Never underestimate the power of words, especially when they are combined to create a thoughtfully crafted email.
Recent Drake University graduate, Kennedy Mitchum, noticed that in her numerous conversations about racism people were able to turn to the dictionary definition to prove that they were not technically racist. The verbal loophole frustrated Mitchum as she told CNN “I kept having to tell them that definition is not representative of what is actually happening in the world. The way that racism occurs in real life is not just prejudice it’s the systemic racism that is happening for a lot of black Americans.” So, the Missouri native took matters into her own hands and emailed Merriam-Webster asking for a revision to be made on their definition.
Merriam-Webster’s current definition of racism reads:
A definition Mitchum does not feel adequately describe the true nature of racism. Mitchum told CNN that she emailed her request for a revision on a Thursday night last month and to her surprise received a reply from the Merriam-Webster editor, Alex Chambers, the next morning. After a few emails exchanged between the two, Chambers agreed to update the definition and confirmed that a new draft is in the works. In an email shared with CNN, Chambers told Mitchum “This revision would not have been made without your persistence in contacting us about this problem. We sincerely thank you for repeatedly writing in and apologize for the harm and offense we have caused in failing to address this issue sooner.”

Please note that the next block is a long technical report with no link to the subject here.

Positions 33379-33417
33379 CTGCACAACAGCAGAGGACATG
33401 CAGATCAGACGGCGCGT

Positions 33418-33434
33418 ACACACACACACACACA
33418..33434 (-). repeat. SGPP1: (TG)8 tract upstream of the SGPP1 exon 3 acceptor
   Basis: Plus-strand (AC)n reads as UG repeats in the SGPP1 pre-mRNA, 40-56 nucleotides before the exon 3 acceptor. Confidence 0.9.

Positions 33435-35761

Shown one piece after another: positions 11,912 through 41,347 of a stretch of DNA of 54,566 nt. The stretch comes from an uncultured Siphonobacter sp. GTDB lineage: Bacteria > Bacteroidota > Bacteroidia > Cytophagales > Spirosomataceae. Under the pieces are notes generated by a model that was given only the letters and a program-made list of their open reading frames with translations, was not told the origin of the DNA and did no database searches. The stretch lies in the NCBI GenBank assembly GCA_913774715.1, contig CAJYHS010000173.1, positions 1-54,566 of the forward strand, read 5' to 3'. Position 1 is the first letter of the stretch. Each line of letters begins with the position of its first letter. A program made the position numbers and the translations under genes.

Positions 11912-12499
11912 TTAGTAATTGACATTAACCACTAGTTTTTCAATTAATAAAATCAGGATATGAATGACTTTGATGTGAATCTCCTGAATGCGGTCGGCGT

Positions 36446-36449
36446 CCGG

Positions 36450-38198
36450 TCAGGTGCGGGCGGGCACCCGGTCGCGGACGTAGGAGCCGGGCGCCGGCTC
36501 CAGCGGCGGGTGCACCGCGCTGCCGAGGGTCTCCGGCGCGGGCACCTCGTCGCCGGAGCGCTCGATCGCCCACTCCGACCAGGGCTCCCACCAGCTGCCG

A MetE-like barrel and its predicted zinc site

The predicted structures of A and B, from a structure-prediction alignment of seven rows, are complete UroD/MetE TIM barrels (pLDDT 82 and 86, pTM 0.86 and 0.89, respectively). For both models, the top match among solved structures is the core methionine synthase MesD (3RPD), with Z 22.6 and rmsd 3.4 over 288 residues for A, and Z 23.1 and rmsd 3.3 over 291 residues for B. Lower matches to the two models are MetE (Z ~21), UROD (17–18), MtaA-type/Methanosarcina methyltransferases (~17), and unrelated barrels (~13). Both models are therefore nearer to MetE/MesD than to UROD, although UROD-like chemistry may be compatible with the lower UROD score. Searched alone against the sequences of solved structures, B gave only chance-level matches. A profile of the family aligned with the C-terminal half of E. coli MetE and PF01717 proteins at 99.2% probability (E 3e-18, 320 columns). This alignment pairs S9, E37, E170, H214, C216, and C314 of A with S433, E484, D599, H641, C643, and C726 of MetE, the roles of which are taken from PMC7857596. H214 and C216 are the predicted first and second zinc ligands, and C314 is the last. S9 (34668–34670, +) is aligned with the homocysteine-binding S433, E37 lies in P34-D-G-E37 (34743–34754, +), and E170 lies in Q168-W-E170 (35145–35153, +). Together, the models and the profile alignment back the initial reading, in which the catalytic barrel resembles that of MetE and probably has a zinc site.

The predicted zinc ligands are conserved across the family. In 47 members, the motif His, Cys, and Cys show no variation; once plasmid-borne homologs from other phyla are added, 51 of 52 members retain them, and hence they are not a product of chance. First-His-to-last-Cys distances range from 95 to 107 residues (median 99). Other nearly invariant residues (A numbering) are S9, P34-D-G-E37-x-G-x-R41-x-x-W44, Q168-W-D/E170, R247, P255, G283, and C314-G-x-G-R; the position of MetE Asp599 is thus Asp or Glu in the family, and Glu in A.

Peter Sokolowski, another editor at Merriam-Webster, told CNN that their dictionary provides alternative definitions to the word as well. The definitions read “a doctrine or political program based on the assumption of racism and designed to execute its principles” and “a political or social system founded on racism.” While Sokolowski pointed out that the alternative definition does cover systematic racism, the dictionary could also “express this more clearly to bring the idea of an asymmetrical power structure into the language of this definition.”
Mitchum told CNN that she hopes the vocabulary change will allow for more productive conversations about race and is thrilled to see her concerns taken seriously. “I was super happy because I really felt like that was a step in a good direction for a lot of positive change for a lot of different positive conversations that can really help change the world and helps change how people view things,” she told the news outlet.
Next time you think one person can’t make a difference, remember this story!
Like what you read? Follow me on Instagram